Easton Matters – Issues and Assets
Living Local Illustration
This illustration is a general city scene created by local artist, Tom Maxfield. Each topic depicted in the illustration is labeled and relates to the findings and recommendations from Easton Matters. The scene is not specifically Easton but rather a generalized city, as many of the issues identified could be applicable to other cities and towns.
In this downtown, there are many assets, such as the corner grocery (1), pocket park (2), and recycling (3), as well as areas needing improvement, such as blighted buildings (5), sidewalk repair and maintenance (18), and crosswalk maintenance (21). Central to any downtown is the interplay between pedestrians and traffic. The safety of bicyclists (8) and pedestrians (10) is improved with appropriate signage (4), street lighting (20), accessibility (15) and traffic control measures including rumble strips (6), speed limits (9), and limiting car and truck traffic (22) in popular walking areas. Improved walkability not only raises the quality of life, it improves health through the encouragement of exercise and the reduction of air pollution. Air quality is also improved with vegetation – increasing the density of street trees (19) and rooftop gardens (13) is aesthetically appealing, increases property values, and provides critical habitat for insects, birds, and other wildlife.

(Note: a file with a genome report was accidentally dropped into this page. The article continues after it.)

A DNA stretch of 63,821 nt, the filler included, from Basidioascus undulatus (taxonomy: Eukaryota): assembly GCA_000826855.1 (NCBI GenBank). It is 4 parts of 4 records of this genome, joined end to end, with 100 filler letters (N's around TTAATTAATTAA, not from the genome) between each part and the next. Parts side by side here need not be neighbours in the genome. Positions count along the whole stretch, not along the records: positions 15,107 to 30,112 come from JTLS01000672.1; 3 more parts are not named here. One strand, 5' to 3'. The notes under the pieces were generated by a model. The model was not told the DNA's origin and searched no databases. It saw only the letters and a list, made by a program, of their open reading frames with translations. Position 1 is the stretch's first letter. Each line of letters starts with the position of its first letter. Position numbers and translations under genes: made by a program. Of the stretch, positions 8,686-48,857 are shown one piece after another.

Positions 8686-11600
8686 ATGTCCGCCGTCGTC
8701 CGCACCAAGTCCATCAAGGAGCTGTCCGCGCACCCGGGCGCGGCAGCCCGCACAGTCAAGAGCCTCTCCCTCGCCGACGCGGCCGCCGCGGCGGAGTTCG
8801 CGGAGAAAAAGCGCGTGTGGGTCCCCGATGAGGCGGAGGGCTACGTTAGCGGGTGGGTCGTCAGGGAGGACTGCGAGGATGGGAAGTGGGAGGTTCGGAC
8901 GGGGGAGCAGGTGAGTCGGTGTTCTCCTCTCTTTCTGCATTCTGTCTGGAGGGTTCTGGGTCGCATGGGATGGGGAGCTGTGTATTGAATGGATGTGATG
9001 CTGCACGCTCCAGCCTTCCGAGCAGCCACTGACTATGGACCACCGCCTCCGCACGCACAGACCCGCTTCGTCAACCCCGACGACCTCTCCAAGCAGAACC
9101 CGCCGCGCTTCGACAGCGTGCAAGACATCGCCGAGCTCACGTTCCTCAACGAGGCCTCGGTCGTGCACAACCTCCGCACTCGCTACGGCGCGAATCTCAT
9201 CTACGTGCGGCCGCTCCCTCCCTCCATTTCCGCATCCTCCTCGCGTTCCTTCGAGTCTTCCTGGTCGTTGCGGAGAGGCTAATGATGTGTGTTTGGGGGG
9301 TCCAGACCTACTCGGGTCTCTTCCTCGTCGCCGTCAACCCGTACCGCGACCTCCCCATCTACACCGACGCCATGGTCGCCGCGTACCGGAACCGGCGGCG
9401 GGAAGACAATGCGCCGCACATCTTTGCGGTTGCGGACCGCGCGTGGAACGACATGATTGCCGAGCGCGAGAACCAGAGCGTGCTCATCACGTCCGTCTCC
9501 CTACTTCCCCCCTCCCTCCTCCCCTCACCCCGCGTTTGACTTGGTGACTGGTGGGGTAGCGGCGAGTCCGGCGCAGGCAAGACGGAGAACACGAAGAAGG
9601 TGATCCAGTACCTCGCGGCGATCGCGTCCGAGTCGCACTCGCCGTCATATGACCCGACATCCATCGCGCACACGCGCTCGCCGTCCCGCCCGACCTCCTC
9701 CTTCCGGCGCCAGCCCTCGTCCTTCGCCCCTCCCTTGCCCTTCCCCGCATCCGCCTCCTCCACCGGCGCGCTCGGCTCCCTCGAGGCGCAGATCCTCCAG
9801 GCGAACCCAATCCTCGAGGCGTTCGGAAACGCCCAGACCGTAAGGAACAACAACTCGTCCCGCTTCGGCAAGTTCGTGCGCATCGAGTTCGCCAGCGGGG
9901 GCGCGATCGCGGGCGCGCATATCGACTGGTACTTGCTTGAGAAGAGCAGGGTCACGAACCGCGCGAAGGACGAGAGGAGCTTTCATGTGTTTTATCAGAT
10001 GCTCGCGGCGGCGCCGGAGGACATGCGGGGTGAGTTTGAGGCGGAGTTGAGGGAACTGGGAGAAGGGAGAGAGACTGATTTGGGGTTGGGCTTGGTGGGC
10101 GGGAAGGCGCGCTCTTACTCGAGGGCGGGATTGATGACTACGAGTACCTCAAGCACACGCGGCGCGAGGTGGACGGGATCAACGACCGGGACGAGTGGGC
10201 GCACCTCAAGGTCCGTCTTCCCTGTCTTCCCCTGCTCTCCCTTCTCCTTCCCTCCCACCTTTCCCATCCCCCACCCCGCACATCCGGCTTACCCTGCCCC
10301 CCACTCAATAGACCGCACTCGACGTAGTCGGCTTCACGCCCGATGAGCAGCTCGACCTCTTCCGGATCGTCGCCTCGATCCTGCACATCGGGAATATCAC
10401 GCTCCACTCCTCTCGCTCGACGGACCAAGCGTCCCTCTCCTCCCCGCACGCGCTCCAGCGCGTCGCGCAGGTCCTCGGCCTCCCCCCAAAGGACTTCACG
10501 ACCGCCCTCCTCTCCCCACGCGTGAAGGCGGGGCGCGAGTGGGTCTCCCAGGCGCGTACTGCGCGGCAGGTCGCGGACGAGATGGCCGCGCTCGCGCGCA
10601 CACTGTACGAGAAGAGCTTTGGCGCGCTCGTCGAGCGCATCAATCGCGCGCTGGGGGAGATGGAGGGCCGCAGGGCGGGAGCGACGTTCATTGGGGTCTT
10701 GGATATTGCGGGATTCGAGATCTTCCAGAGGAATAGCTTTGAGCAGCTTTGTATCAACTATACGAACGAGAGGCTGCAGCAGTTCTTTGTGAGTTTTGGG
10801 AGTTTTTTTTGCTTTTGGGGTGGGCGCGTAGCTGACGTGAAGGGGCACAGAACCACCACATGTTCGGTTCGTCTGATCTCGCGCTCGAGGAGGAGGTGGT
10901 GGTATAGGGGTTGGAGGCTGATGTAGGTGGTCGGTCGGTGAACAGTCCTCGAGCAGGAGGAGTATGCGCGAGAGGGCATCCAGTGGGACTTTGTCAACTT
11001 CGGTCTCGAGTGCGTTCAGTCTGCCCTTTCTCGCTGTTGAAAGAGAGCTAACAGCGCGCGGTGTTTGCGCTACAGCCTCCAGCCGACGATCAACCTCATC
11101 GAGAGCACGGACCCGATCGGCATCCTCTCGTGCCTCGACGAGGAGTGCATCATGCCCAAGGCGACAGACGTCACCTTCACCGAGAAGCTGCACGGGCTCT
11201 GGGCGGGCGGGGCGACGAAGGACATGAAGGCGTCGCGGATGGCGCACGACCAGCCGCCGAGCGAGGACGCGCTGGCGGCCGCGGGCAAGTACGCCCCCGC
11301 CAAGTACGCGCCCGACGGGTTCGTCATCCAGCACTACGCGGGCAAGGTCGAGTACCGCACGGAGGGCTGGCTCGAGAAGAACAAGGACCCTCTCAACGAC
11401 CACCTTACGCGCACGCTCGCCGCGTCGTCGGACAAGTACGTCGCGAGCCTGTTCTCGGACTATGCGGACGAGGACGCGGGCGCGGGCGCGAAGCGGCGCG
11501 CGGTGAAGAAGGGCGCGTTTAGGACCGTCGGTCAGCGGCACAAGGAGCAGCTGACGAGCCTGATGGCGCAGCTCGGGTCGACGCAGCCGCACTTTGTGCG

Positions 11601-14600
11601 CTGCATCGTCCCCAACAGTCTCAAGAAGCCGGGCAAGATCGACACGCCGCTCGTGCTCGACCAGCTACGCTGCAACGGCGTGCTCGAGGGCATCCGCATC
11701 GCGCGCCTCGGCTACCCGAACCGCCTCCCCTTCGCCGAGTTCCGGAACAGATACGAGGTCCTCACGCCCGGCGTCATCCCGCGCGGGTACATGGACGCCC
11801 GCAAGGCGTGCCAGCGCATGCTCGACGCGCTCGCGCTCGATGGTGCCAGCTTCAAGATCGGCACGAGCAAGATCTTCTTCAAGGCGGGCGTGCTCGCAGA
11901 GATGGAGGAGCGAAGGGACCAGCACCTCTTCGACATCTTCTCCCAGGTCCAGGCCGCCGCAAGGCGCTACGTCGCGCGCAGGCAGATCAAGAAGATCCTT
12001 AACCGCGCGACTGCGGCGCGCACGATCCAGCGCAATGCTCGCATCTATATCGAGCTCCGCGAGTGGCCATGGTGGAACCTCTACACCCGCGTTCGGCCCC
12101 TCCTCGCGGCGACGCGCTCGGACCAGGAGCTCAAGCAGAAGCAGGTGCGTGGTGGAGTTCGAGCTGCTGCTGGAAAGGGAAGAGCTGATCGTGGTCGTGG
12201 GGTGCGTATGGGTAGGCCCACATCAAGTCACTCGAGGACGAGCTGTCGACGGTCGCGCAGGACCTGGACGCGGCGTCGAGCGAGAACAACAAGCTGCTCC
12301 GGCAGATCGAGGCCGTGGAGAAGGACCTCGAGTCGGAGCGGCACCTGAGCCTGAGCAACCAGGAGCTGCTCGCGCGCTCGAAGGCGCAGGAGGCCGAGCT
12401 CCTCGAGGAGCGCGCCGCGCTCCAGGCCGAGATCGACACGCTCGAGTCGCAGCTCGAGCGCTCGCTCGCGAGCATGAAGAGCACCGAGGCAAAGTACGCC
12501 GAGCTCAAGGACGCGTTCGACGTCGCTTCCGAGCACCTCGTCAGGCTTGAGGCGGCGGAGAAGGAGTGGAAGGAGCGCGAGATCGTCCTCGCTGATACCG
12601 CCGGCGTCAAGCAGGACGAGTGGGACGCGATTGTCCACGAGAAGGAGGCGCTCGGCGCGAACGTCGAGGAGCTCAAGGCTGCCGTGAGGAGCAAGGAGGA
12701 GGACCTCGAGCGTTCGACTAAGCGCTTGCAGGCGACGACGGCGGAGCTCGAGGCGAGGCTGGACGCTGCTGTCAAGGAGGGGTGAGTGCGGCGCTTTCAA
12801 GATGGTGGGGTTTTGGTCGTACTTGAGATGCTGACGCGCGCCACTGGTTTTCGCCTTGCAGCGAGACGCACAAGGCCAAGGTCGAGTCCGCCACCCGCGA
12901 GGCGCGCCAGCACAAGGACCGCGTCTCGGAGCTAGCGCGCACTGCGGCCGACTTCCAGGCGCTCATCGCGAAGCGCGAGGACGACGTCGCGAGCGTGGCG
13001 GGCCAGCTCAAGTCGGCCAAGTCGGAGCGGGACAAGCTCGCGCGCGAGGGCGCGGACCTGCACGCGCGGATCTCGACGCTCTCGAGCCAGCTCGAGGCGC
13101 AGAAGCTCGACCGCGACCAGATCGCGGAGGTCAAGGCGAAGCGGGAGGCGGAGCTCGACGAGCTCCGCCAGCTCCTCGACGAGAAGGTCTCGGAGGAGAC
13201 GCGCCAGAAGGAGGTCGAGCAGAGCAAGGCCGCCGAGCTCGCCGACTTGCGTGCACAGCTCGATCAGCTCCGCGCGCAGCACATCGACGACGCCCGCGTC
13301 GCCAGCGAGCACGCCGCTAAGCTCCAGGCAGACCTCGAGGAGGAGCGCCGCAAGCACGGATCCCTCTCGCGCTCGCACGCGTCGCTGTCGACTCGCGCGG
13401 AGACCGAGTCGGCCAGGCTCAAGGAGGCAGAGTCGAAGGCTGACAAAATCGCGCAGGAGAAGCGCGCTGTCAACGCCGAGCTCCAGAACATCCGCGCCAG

While most residents can appreciate the benefits of street trees, the costs associated with their upkeep are a significant negative barrier to widespread adoption by residents (17). Homeowners are responsible for having arborists prune trees and must replace sidewalks that get torn and upended by large tree roots. Planting city approved tree species ameliorates future sidewalk tree problems but sidewalk repair remains a costly challenge that reduces walkability and creates tripping hazards. Providing education and reduced cost options for sidewalk replacement can start to address this challenge.
Quality of life is also improved with an active downtown promoting businesses and street life (14) and the redevelopment and reuse (11) of blighted buildings (5) bolsters the local economy and provides opportunities for community development and connections. Alternative energy sources (12) should be considered with any new building or redevelopment, providing cost savings in addition to reducing the city’s carbon footprint.